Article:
Algorithmic Verification of Procedural Programs in the Presence of Code Variability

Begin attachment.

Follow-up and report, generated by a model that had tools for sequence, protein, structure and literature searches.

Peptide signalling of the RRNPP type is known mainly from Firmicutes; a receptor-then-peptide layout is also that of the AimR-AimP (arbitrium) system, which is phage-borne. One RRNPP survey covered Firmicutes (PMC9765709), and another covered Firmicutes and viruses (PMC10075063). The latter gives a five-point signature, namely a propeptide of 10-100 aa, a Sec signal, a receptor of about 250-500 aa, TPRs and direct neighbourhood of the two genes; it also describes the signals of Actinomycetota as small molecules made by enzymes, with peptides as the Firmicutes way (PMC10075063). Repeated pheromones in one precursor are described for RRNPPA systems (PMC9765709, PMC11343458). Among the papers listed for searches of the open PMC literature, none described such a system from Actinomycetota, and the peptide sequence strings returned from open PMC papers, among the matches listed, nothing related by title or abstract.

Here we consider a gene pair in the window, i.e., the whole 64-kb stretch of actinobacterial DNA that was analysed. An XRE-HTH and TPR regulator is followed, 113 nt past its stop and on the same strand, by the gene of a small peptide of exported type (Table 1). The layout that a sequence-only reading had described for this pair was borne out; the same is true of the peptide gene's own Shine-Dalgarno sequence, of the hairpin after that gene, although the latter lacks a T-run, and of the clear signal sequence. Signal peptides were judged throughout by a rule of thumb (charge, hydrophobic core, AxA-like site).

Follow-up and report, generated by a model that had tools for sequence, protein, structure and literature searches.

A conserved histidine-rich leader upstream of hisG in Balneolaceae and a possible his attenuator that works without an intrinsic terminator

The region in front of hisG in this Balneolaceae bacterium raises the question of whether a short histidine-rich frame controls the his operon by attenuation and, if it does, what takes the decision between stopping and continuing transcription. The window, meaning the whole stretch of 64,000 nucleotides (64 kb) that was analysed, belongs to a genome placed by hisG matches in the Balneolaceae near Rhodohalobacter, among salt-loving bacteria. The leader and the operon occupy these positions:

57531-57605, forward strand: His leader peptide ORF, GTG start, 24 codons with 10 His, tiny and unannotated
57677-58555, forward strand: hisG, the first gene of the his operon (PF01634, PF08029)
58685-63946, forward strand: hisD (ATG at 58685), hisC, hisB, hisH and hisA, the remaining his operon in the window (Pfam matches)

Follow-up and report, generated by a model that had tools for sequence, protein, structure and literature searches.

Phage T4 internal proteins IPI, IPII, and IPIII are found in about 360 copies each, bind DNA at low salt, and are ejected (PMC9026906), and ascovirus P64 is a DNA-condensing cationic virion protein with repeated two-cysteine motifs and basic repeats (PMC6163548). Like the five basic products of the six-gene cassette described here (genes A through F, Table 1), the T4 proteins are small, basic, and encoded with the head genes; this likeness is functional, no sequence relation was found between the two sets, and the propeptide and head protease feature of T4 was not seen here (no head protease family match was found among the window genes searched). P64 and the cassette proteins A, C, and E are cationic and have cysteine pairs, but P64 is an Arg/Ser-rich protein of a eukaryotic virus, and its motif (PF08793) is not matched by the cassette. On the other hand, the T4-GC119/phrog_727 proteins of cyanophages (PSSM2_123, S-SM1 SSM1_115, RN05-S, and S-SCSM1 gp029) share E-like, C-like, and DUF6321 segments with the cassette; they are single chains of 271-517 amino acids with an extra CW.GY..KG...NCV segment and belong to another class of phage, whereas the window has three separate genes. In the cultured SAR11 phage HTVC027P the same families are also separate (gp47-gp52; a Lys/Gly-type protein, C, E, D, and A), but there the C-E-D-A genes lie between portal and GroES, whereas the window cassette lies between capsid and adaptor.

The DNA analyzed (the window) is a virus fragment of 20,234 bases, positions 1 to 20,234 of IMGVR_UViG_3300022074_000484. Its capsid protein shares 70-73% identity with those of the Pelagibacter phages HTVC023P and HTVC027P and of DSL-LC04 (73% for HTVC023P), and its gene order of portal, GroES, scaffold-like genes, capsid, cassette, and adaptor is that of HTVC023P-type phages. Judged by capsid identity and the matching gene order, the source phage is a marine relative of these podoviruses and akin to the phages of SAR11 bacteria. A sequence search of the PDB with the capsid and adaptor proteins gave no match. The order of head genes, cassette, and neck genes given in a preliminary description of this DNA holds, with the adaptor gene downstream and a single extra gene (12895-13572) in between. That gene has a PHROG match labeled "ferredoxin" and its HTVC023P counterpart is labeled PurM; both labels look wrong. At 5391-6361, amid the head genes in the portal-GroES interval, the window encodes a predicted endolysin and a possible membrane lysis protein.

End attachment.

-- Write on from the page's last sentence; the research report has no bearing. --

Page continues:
Abstract: This thesis addresses the formal verification of temporal properties of procedural programs that are dynamically or statically configured by replacing, adapting, or adding new components. Dealing with such variable programs is challenging because a part of the program is either not available at verification time or changes frequently. Still, such static and dynamic variability is used in a variety of modern software systems and design paradigms, e.g., software product lines. In this thesis, we develop a generic framework and a fully automated tool support for the verification of such programs. We also show that our technique can be used for efficient verification of existing sets of products constructed from product lines. Our framework is built on top of a previously developed framework for compositional verification of control-flow safety properties of procedural programs that abstracts away all program data. The work in this study is presented through three papers.The first paper introduces ProMoVer, a fully automated tool for procedure modular verification of control-flow temporal safety properties. Procedure modular verification is a natural instantiation of compositional verification at the procedure level. ProMoVer is described and evaluated on several real-life case studies. It is equipped with a number of features, such as automatic specification extraction and the support for several specification formalisms, to facilitate easy usage. Moreover, it provides a proof storage and reuse mechanism to minimize the need for the computationally expensive verification subtasks.The second paper discusses the verification of software product lines (SPL). In SPL engineering, products are generated from a set of well-defined commonalities and variabilities. The products of an SPL can be described by means of hierarchical variability models specifying the commonalities and variabilities between the individual products. The number of products generated from a hierarchical model is exponential in the size of the model. Therefore, scalable verification of SPLs is only possible if compositional techniques are applied that allow reusing of the intermediate verification results. In this thesis, we propose a hierarchical variability model for modeling product families, provide a process for extracting such models from existing products, and adapt our compositional verification principle and tool support for the verification of SPLs modeled by this hierarchical model.The third paper presents a generalization of the original framework to capture program data, still keeping its complexity within practical limits. Thus, it brings the capabilities of the framework to a whole new level. To exemplify its use, we instantiate our framework for compositional verification at three levels of data abstraction of real-life programs: full data abstraction, Boolean data as the only datatype, and heap pointers as the only datatype. We also adapt our toolset to provide support for compositional verification of the latter and evaluate the tool on a real-life case study.
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